On the work side of things I’ve been a bit stressed out. This summer has been kind of an inverted bell curve in that work started out (from Day 1) really stressful and then calmed down, and now it’s picking back up into crazy-land again. I’m currently fighting: The Forest Service, the Bureau of Land Management, a coal company, another coal company, a silver mining company, some ranchers, the Department of Agriculture, a conservation group (to say that all “Tree Huggers” don’t see eye to eye is an understatement), an oil company, the state of Montana, the state of Wyoming, some random rich people in Seattle, and the Montana Department of Environmental Quality, the Environmental Protection Agency, oh and last but not least the Department of Justice.
Of course I feel good about my position on all of those respective battles, so there’s no moral qualms, it’s mainly just one of those “Heeee just let me be an underpaid intern” moments. But not really, I don’t want to fetch coffee. Still, there have been a few days where I was thinking to myself “Yeeeeeeah that fellowship doesn’t seem quite as large as it once did.” On the whole though I wouldn’t trade this work for anything else right now, so that’s a good sign. I just like complaining about things, which is the first tenant of having a blog. In fact back in the “before times” of the 1990s – an epoch scarcely remembered and largely lost to time – Raptor Jesus did command “And so when thou blogeth, thou must blogeth of misery and woe and despair. So sayeth Raptor Jesus, your LORD.”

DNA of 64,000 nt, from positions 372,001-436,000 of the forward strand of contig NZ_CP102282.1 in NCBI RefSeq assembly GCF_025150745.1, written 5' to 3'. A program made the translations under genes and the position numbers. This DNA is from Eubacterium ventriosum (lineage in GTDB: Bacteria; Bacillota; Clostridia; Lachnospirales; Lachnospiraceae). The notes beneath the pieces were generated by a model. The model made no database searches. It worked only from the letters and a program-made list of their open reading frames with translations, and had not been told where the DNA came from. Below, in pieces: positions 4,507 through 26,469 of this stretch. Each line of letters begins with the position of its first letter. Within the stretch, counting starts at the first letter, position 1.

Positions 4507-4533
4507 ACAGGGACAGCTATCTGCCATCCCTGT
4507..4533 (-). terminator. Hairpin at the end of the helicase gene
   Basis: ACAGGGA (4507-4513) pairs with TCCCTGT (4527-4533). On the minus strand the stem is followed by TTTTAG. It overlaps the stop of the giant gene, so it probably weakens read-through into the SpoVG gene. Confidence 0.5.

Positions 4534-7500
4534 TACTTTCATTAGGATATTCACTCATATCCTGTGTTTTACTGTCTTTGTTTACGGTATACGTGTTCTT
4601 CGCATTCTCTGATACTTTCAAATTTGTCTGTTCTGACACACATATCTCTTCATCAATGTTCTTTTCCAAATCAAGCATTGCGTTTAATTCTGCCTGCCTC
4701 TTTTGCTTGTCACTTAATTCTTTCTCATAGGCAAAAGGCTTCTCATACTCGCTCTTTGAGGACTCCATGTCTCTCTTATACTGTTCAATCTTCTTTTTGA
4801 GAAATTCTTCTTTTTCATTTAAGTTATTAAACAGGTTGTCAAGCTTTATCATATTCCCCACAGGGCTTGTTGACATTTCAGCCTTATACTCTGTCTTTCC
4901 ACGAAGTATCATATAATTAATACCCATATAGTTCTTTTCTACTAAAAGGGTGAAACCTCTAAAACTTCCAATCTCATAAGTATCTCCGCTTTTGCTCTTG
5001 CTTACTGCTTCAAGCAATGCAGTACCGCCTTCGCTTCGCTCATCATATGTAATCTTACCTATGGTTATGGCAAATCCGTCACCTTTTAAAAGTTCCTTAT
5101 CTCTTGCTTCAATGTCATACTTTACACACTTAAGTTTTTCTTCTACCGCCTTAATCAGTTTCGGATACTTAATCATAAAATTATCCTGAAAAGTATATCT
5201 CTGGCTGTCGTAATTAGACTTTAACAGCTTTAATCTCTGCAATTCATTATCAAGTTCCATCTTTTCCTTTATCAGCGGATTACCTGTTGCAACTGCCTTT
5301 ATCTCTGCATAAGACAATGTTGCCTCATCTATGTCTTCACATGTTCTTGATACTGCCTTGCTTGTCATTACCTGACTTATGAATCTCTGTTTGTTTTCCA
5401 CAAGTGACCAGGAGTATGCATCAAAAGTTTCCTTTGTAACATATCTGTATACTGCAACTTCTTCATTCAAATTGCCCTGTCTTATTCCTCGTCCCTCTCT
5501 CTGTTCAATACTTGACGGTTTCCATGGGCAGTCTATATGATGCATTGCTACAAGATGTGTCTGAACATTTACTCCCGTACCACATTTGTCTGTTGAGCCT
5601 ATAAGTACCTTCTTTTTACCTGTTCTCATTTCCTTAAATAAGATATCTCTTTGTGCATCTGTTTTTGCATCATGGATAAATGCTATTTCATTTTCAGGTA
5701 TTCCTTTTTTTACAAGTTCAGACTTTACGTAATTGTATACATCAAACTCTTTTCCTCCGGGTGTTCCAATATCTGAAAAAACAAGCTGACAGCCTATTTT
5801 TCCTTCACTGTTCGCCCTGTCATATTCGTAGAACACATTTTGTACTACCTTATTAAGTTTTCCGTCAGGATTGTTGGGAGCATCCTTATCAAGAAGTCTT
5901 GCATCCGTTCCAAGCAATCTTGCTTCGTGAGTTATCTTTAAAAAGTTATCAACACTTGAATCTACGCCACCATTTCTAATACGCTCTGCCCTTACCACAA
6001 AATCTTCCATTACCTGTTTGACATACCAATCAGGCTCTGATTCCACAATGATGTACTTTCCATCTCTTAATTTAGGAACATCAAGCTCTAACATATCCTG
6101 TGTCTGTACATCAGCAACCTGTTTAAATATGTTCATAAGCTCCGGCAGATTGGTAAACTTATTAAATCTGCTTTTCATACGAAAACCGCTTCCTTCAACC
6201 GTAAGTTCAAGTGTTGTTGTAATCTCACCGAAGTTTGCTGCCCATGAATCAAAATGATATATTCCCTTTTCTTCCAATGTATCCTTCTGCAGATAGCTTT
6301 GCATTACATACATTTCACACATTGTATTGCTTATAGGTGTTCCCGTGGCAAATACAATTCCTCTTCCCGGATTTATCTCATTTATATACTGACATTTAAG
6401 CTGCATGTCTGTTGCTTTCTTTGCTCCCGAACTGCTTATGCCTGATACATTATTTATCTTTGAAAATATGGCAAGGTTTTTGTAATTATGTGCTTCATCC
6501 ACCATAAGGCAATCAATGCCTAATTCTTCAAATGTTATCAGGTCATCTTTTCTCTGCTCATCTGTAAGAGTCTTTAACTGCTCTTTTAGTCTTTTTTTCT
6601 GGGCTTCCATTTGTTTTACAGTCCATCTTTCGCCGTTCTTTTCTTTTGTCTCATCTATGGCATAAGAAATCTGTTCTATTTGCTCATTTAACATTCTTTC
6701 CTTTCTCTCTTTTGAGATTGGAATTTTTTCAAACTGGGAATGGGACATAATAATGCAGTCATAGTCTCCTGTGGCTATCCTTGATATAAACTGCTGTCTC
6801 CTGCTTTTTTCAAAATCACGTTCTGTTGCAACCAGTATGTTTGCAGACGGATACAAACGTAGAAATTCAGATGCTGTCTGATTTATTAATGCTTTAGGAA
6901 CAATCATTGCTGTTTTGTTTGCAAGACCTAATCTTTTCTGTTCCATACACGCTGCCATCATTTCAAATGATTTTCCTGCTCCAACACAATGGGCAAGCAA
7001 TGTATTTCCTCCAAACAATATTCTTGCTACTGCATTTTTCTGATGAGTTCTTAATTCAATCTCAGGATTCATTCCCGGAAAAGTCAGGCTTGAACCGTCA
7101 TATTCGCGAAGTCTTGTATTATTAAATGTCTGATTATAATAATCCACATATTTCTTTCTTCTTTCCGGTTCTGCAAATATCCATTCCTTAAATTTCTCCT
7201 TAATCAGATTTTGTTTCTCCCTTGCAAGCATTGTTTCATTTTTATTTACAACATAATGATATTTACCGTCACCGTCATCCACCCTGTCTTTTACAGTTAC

So I titled this post “Work, work, work” as the scripture commands. Actually the title of the post has nothing to do with me being stressed at work and is instead from some stupid hardware store commercial where they play a song that just seems to have the lyrics of “Work, work, work” over and over in the background – a song which has been relentlessly stuck in my head. As a testament of how bad of a commercial it was, I don’t even remember what company it was for (the same can’t be said for the Jeep commercial with the “4x4Ever” song – also stuck in my head and equally despised).
The plus side to all of this is that just like last summer, I got to go on a work hike. The downside was that unlike last summer this hike took place on a weekend and so I didn’t get paid to do it. However, despite the lack of payment this was definitely a better hike from a weather perspective, though we didn’t get to see any moose this time around.